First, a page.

Cellulose nanofibril-based encapsulation structure to control drug release
Intelligent hydrogels with multiple functions such as sustained drug release abilities with low burst release, antibacterial properties, and biocompatibility are highly desirable in the biomaterials fields, particularly for cellulose-based drug carriers.
"Despite the nanocellulose-based hydrogels, which are promising for drug release applications, the issue of burst release at the beginning of releasing still needs to be addressed, and the drug release time still needs to be further improved," said by Associate Professor Li Bin, from the Qingdao Institute of Bioenergy and Bioprocess Technology (QIBEBT) of the Chinese Academy of Sciences.
Recently, the Metabolomics Group led by Prof. Cui Qiu from QIBEBT, in collaboration with researchers from Tianjin University of Science & Technology, constructed a new drug loading system with an encapsulation structure for controllable drug release. The study was published in ACS Applied Materials & Interfaces on Dec. 8.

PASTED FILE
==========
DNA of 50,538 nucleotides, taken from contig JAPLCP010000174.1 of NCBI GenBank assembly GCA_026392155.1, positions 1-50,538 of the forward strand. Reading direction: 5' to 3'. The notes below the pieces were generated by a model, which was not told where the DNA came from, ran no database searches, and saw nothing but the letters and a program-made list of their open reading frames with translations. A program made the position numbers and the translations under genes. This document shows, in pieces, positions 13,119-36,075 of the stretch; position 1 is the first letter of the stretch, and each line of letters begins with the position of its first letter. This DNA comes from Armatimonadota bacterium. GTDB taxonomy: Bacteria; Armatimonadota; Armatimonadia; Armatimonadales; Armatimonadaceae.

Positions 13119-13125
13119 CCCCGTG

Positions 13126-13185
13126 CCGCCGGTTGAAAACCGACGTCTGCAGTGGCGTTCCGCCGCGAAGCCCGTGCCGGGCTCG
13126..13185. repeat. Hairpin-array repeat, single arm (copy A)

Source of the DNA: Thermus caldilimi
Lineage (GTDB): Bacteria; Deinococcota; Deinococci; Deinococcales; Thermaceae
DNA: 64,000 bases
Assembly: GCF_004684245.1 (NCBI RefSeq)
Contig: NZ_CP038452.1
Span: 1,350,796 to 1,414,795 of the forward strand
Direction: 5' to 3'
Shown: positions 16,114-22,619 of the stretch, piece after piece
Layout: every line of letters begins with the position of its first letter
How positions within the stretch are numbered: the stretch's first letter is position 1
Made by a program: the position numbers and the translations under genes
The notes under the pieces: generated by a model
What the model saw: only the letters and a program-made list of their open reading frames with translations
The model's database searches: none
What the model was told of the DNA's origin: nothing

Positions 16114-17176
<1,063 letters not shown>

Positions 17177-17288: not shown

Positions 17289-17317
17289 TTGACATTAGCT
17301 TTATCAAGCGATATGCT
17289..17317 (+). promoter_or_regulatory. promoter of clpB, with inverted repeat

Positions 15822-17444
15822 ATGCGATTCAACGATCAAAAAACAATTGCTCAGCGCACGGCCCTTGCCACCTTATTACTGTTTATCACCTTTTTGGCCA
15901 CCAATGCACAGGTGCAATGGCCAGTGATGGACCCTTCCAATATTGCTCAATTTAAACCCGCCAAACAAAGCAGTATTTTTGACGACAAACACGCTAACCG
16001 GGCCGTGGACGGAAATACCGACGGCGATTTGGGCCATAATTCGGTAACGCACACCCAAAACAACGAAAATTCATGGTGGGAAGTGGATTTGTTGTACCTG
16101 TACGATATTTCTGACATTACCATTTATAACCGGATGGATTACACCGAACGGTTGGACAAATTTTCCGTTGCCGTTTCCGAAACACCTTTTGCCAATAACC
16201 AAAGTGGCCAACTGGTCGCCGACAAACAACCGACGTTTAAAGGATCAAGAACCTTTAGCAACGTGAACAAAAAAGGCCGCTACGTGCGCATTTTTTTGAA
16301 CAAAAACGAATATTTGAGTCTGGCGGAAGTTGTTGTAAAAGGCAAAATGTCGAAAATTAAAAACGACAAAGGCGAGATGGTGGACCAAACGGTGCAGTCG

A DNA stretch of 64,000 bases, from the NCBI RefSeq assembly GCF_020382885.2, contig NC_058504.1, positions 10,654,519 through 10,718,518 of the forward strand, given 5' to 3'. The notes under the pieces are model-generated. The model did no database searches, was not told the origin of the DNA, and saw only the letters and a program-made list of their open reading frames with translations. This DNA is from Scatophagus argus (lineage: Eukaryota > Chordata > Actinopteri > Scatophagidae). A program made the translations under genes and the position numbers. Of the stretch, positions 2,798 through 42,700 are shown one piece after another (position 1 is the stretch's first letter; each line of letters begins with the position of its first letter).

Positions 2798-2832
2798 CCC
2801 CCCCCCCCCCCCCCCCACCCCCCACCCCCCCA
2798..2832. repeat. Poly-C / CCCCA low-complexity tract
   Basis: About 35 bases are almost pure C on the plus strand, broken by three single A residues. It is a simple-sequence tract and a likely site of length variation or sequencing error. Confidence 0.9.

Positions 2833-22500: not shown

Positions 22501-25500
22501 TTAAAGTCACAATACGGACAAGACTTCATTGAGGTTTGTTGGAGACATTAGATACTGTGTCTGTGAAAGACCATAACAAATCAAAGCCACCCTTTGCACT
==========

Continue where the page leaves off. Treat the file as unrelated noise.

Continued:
A well-known broad-spectrum antibiotic with low toxicity, tetracycline hydrochloride (TH), was used as the model drug. The researchers conducted physical crosslinking of mesoporous polydopamine (MPDA) nanoparticles wrapped with graphene oxide (GO) in cellulose nanofibril (CNF) hydrogels. They obtained a novel MPDA@GO/CNFs composite hydrogel with multiple responses, good mechanical strength and biocompatibility for controlled drug release.
In this encapsulation structure, GO was used to package MPDA nanoparticles for prolonging drug release time, reducing burst release of the drug, and reinforcing physical strength of the obtained hydrogels. The sustained and controlled drug release behaviors of the composite hydrogels were highly dependent on pH value, and the rate of drug release could be accelerated by near infrared light irradiation.
"Importantly, this encapsulation structure shows good biocompatibility, and the toxicity of GO can be well shielded by CNFs hydrogels," said Prof. Li. "Longer drug release time and lower burst release can be achieved compared to the reported carriers for the same drug of TH."
This novel design of the CNF-based encapsulation structure will be beneficial to the development of new intelligent drug loading materials, and has potential applications for chemical and physical therapies.